He said that evidence that synucleopathies are prion disease comes from human material, from cell culture experiments, and from animal models. That evidence shows that alpha-synuclein can move from one cell to another; that imported alpha-synuclein can oligomerize with endogenous alpha-synuclein, which constitutes the first step in seeding; and that these imported alpha-synuclein fibrils can generate Lewy body aggregates.
Dr. Brundin said that the in vitro and in vivo science has been backed by findings in multiple clinical settings, where Lewy body pathology has been observed in Parkinson's disease patients. “This is the real deal,” he said.
Other experiments show that in cell cultures, synuclein can develop into clusters that look like Lewy bodies, he said. “When you inoculate animals, you can get progressive — the key word — synucleopathy and it follows distinct pathways. You can do this with brain extracts that contain misfolded synuclein; you can make synthetic fibrils or you can actually take human autopsy material and inject it into animals...These experiments can trigger Parkinson's disease in mice and even in monkeys.” He said the culprit lesions “look like Lewy bodies.”
Dr. Brundin argued that “the time has come to modify the definition to encompass the full scope of the prion paradigm in biology and to accommodate the many instances in which proteopathic diseases lack an infectious origin. This expanded and refined definition could help to obviate unnecessary confusion and concern about the communicability of noninfectious proteopathies and speed acceptance of this important paradigm within the biomedical community.”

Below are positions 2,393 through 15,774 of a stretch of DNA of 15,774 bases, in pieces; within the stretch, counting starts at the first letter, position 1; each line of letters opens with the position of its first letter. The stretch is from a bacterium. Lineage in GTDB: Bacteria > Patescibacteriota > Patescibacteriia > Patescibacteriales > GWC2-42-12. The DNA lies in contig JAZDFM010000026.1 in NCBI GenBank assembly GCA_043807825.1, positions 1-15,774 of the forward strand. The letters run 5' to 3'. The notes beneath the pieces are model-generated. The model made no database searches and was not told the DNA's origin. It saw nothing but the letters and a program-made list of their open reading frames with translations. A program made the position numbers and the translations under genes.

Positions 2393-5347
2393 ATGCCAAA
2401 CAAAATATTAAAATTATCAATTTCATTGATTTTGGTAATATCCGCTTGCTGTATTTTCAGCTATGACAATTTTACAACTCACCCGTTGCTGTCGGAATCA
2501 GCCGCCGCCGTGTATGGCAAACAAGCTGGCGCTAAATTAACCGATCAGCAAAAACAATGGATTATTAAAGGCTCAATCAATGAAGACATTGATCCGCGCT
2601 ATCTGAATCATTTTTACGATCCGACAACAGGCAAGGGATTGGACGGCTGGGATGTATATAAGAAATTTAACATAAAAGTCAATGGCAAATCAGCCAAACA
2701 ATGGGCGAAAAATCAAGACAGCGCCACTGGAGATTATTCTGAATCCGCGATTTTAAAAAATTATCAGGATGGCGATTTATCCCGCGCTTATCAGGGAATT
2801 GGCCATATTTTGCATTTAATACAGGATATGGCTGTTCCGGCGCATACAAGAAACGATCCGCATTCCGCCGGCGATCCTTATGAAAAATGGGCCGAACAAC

Dr. Halliday, however, was unconvinced. “If we take the infectious concept out of the argument, then everything that Patrik said would be fine,” she said in urging the audience to support her thesis, “but it is the infectious concept that makes prions special.
“As a neuroscientist, if I have a prion disease that comes across my desk, it is reportable, like every other infectious disease that is communicable to herds, like us,” Dr. Halliday said. But, she said, there is no evidence that synucleopathies are communicable. As an example, she cited studies that showed no transmission through surgical specimens in recipients of cadavaric human growth hormone.
She said that alpha-synuclein and prions have similar biochemical characteristics: both have oligomer and fibril formation; both have high content beta-sheet; both exhibit insolubility in mild detergents; both show partial resistance to proteinase K; and both have conformation diversity.